Social bookmarking buttons are essential for any blog these days – they’re vital to helping people share content that they find useful and interesting. And with WordPress of course, you have a whole host of plugins to help you add social sharing buttons to your site.
In my experience however, it’s hard to find one that displays the sharing networks that you want to use, with the icons that you want, in the alignment that you want.
So I set about creating my own social sharing buttons for Do It With WordPress, which helped removed the last remaining external references on my site and speed up my load time to less than two seconds.
Find your perfect icons
Since you’ll be installing your own buttons from scratch, you’ll need the images that will represent each sharing site that you want to make available from your site.
You can use text links if you prefer, however, I strongly advise that you use images, as your readers will be searching for the familiar iconography to share your article, not a small text link.
To find icons that suit your site, just do a Google search and look for “social sharing icons”, or something along those lines. You’ll find a whole array of icon packs with no end of design varieties. For example, check out this article from Specky Boy, which has a collection of some great social bookmarking icons.
You’ll obviously need to find a set which has icons for every network that you intend to use – you don’t want to mix and match icons from different sets because it will look rubbish.
Upload all the icons to your server so that you will know the URLs of all the images. I recommend placing them in an images folder in your active theme’s folder under the wp-content folder.
Where to add the code
The whole idea of using social sharing buttons is to include them automatically on each post, so that your readers can share every article on your site. This also eliminates the need for you to put them in every post manually (though that is certainly possible if you like making life harder for yourself).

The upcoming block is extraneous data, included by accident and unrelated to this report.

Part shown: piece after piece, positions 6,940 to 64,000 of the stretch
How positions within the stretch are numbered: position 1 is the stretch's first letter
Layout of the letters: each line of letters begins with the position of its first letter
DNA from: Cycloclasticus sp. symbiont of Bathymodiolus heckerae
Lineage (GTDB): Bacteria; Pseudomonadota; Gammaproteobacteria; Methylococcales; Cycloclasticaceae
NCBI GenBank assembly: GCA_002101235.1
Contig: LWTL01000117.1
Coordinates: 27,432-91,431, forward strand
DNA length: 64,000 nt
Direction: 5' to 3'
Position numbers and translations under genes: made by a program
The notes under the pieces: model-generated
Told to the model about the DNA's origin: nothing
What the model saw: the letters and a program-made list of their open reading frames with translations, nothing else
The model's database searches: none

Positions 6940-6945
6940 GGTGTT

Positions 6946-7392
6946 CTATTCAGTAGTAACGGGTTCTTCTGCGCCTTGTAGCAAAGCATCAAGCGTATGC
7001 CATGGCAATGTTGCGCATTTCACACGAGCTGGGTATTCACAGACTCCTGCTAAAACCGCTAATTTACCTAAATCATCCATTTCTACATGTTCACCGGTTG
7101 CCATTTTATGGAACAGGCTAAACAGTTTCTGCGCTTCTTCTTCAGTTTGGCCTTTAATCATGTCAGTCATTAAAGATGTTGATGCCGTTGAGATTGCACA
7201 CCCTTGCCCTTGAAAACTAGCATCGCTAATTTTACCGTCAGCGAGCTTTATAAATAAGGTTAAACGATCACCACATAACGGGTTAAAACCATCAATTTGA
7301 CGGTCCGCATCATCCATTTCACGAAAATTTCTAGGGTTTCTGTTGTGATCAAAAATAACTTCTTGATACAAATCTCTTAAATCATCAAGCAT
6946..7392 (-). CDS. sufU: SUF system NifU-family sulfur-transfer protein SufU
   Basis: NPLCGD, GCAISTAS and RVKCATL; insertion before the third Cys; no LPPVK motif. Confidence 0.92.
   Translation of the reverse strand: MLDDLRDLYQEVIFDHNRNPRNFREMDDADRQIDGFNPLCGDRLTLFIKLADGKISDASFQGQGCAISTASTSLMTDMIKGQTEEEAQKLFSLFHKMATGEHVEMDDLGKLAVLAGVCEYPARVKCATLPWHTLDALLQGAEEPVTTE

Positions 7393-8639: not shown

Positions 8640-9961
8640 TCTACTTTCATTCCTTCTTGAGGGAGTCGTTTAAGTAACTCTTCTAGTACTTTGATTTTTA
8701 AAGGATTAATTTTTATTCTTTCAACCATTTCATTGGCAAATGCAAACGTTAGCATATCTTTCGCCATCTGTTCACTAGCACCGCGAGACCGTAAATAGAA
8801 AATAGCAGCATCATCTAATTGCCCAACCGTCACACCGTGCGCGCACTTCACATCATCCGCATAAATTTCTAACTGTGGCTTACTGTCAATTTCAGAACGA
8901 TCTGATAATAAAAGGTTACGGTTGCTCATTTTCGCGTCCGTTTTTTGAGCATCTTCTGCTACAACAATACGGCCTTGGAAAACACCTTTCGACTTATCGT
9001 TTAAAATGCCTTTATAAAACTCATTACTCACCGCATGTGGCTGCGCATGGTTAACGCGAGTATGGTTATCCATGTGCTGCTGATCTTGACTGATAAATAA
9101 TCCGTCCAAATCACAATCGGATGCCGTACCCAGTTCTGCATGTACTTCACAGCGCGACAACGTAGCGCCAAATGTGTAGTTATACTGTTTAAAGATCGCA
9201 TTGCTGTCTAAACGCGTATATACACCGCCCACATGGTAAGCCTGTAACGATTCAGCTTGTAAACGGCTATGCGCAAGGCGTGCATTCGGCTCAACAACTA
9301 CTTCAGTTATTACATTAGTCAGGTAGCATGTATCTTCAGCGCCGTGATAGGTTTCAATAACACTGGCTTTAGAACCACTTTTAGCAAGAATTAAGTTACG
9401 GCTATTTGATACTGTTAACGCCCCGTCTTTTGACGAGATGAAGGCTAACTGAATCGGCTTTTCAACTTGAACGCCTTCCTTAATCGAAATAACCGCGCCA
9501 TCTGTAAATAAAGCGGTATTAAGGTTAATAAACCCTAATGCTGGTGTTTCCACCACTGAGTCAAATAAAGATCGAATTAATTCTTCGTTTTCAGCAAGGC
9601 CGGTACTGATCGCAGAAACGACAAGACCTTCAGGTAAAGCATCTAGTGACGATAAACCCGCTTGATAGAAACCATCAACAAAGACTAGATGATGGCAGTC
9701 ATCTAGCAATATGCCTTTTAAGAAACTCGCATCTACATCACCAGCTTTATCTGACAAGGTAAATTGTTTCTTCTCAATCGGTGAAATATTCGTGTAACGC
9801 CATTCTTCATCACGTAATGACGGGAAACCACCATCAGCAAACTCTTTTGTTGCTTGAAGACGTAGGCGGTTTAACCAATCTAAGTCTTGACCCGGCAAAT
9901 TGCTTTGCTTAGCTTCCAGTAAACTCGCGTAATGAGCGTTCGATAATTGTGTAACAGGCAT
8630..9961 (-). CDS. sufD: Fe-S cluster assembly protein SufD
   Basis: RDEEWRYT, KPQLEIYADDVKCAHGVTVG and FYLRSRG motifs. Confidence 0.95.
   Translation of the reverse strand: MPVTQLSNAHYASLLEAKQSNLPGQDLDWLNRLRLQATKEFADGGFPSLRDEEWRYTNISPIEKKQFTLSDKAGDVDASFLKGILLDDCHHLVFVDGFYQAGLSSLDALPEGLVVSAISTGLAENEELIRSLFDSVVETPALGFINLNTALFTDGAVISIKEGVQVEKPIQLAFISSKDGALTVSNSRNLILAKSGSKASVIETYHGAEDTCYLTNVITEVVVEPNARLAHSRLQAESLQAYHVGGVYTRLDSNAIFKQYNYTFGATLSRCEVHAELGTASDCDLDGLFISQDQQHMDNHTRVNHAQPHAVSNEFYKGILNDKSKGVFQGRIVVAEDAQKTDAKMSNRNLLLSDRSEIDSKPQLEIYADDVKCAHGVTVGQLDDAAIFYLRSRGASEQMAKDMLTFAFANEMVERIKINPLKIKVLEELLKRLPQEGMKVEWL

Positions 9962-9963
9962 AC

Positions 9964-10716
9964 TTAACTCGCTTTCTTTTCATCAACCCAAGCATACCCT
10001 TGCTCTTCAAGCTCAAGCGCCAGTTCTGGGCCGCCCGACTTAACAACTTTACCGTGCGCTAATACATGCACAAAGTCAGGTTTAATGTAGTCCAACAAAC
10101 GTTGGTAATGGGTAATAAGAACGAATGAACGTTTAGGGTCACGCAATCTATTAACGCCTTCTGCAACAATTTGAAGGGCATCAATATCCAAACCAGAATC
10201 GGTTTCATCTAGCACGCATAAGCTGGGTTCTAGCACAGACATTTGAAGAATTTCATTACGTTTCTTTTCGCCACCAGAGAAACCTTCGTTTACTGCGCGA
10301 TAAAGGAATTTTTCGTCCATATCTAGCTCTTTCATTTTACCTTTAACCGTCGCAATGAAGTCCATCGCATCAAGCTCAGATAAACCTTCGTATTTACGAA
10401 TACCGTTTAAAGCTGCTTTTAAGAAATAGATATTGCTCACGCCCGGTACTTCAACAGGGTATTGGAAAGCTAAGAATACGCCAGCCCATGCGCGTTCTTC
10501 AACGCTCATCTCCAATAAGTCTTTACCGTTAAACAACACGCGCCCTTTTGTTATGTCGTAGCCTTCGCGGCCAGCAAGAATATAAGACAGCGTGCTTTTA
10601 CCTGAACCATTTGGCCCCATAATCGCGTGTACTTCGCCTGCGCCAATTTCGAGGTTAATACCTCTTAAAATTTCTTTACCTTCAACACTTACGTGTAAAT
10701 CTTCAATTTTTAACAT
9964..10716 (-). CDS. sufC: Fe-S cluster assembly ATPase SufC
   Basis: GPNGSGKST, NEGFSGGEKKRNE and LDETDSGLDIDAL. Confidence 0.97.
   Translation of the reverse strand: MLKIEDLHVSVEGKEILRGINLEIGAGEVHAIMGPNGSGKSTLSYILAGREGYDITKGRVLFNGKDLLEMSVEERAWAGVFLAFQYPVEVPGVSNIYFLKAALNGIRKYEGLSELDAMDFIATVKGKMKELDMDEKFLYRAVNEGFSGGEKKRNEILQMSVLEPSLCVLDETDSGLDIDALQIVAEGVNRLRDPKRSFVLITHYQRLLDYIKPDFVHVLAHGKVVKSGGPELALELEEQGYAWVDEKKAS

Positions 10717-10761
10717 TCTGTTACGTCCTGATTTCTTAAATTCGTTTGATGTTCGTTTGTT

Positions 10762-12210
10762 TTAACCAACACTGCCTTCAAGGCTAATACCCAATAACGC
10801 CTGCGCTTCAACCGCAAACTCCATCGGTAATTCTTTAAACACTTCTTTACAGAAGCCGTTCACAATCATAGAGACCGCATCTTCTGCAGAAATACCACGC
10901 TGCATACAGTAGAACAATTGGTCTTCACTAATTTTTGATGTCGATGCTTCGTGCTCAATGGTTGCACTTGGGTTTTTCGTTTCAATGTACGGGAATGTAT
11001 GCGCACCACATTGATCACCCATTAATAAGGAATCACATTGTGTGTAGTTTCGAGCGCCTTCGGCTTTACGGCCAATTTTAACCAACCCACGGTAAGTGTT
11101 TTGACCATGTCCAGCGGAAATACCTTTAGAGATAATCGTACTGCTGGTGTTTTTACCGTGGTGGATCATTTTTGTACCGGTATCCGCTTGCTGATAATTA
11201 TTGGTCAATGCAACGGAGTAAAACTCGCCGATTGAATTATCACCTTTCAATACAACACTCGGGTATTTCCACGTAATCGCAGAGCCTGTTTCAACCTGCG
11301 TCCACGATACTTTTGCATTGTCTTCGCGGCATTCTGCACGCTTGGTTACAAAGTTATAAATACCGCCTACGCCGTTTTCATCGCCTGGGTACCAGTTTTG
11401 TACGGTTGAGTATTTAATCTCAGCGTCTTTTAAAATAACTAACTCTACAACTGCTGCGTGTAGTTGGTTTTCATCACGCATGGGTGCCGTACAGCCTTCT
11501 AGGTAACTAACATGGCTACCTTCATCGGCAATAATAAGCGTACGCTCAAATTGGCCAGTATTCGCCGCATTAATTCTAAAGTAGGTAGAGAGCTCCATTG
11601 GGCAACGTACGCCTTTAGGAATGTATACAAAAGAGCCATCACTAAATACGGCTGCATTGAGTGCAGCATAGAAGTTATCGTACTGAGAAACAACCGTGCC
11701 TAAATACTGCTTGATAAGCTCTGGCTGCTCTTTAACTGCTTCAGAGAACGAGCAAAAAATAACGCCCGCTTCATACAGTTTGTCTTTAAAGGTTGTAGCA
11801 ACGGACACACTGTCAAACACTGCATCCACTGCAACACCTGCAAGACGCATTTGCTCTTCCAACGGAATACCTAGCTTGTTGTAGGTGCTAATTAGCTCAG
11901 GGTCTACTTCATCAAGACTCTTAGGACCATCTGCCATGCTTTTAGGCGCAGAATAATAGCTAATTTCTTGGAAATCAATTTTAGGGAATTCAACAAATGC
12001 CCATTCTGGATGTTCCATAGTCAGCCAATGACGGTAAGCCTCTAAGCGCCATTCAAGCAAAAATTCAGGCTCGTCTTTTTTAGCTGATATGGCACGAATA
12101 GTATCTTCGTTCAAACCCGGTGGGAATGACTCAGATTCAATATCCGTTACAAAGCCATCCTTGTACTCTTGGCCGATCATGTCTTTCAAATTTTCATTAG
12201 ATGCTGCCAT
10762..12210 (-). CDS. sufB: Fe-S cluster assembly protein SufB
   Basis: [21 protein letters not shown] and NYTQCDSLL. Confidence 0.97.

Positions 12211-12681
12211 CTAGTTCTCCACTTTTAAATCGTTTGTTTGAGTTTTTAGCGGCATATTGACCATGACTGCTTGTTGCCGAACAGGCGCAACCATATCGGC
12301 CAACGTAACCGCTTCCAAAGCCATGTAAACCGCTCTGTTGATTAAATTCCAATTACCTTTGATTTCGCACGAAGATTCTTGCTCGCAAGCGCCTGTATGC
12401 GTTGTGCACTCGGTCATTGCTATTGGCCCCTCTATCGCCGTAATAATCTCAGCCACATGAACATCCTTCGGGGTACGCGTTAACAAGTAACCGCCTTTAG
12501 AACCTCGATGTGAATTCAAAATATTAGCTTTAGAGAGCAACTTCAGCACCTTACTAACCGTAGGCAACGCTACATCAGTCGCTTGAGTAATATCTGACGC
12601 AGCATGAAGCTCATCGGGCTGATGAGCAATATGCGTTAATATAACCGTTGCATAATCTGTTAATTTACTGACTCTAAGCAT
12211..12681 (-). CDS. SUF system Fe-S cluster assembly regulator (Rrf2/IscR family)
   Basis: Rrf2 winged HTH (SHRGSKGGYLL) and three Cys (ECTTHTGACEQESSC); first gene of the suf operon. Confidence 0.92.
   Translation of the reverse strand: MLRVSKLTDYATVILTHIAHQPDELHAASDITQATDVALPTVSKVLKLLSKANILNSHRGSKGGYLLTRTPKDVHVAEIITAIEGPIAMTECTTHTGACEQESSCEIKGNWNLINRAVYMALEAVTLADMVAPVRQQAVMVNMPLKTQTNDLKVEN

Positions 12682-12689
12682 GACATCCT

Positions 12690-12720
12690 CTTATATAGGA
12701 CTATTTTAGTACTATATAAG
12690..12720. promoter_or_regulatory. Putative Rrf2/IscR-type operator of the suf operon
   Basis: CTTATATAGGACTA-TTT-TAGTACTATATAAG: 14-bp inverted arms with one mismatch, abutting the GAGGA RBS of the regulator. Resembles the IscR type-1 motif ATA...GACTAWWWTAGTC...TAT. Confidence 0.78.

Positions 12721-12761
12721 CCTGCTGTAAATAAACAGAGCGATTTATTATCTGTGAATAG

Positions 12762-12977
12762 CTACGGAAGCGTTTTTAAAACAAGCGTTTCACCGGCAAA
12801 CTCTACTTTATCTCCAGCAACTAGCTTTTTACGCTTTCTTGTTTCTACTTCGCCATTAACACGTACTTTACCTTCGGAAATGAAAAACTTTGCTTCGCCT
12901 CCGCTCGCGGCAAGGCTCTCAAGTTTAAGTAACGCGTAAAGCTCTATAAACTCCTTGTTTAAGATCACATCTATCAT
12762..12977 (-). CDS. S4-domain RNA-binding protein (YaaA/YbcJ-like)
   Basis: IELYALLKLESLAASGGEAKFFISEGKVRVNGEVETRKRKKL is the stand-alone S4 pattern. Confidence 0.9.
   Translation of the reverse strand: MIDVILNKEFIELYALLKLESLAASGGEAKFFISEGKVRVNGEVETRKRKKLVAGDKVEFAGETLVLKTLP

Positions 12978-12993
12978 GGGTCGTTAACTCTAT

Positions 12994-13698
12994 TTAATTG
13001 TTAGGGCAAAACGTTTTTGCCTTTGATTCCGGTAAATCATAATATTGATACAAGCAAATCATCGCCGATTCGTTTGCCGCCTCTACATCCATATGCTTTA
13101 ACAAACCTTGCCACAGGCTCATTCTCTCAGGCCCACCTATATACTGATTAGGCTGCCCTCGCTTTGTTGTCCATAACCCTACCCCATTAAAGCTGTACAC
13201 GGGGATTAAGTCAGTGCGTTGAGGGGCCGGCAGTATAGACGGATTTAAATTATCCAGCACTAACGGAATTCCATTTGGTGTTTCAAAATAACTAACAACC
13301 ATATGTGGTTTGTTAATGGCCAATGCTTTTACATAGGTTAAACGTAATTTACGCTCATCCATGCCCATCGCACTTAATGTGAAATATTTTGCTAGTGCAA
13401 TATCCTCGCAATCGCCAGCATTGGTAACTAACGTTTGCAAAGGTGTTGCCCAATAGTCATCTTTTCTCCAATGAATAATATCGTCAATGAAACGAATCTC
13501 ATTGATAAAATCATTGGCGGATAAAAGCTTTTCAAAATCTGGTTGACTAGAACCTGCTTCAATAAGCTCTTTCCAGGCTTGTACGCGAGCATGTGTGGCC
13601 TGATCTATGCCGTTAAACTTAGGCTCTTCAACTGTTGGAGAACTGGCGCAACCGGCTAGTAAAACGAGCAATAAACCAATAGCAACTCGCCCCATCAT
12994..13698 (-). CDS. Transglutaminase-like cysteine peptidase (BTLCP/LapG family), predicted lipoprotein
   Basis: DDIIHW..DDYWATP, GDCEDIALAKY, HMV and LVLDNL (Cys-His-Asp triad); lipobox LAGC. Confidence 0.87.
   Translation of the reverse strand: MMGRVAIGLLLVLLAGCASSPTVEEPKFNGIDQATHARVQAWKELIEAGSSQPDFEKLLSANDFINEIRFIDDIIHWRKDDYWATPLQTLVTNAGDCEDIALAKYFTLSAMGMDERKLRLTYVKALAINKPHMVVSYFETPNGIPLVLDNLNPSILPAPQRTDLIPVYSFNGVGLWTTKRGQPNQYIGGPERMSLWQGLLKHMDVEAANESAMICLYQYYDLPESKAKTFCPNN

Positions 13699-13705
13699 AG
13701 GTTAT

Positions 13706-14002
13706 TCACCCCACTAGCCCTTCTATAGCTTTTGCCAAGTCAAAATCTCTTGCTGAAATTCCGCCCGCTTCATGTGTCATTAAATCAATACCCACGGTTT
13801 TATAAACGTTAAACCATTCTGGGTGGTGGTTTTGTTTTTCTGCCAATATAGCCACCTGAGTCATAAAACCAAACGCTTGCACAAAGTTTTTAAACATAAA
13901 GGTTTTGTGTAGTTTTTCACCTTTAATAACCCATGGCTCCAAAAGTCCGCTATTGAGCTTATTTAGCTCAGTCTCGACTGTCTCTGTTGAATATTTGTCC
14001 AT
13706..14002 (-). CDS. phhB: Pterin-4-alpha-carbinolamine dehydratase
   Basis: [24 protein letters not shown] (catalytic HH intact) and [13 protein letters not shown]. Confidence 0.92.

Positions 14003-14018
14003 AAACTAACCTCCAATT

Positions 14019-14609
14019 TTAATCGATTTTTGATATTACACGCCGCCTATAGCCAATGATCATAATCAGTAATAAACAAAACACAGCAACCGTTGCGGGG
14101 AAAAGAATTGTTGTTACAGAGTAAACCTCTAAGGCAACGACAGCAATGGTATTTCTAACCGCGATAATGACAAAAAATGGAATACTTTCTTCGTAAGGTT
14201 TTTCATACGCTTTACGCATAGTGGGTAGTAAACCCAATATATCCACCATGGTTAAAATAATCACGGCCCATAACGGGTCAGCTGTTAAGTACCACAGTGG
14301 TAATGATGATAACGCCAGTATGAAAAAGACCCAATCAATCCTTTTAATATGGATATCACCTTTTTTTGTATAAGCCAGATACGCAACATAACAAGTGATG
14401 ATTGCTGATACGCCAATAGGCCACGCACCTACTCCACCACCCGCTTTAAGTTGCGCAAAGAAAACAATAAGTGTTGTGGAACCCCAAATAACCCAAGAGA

In order to do that, you need to code it into your theme files, which requires editing your theme files, namely single.php (which is the file that is used to display single articles). Have a look at this article if you need a little help in learning how to edit your theme files.
Find where you want to put your social sharing icons in single.php. If you want to put them after the content, you’ll need to look for the following line of code, which displays the main content and start inserting it after that:
<?php the_content('Read more »'); ?>
Of course, you can put the icons elsewhere – just find the appropriate point in single.php and insert your code there instead. Before you get going though, just be sure to make a backup/copy of your file in case you mess it up.
Creating the buttons will consist of two steps: adding the images (icons) that people will click on and then adding in the code that will link to the sharing site when the icon is clicked.
Add the images
Once you’ve settled on where the icons are going to go, start adding in the images. You’ll need the URLs of the images, which you uploaded earlier.
This is based on the images being uploaded where I mentioned earlier in this article (/wp-content/themes/activetheme/images/). You can change it to a specific URL (starting with http://) if it is located elsewhere. Obviously, you’ll need to change twitter.png to the appropriate filename for each network that you’re accounting for. Likewise, the alt tag will also change (the alt tag is text that appears if an image fails to load).
Repeat this process for all the icons that you’ll be adding.
Add the code
Now you’re ready to add the code to the each image. You might even want to save your progress and view an article to see if the images are displaying the way you had hoped.
All we’re going to do is add a hyperlink to each image, so that when they’re clicked on, they go to the sharing site and send the appropriate information.
In order to add a hyperlink to each image, all you need to is add the following code before and after the img tag that you added in the previous step:
<a href="" title="">
The href and title will change depending on which network you are working on. Use the following lines of code to create a hyperlink to each sharing site:
<a href="http://www.linkedin.com/shareArticle?mini=true&title=<?php the_title(); ?>&url=<?php the_permalink(); ?>" title="Share on LinkedIn"></a>
<a href="http://del.icio.us/post?url=<?php the_permalink(); ?>&title=<?php the_title(); ?>" title="Bookmark on del.icio.us"></a>
Tweaking the Twitter syntax
By virtue of the service, you need to make sure that Twitter messages are as short as possible. You also want to leave room for the reader to add a few words of their own about your article. (Thanks to Kimberly and Brian for this suggestion)
As such, you may want to convert the post URL to a short URL. I’m going to show you how to do using the most popular URL shortening service, bit.ly.
First, you need to create a function to tell WordPress to get a short URL for your post. To do this, you will need a bit.ly account. Once you’ve created an account, go to your Account Settings and take note of your API key and your username.
Now open your functions.php file, scroll all the way to the end and paste in the following code, substituting in your username and API key for yourbitlyusername and yourbitlyAPIkey: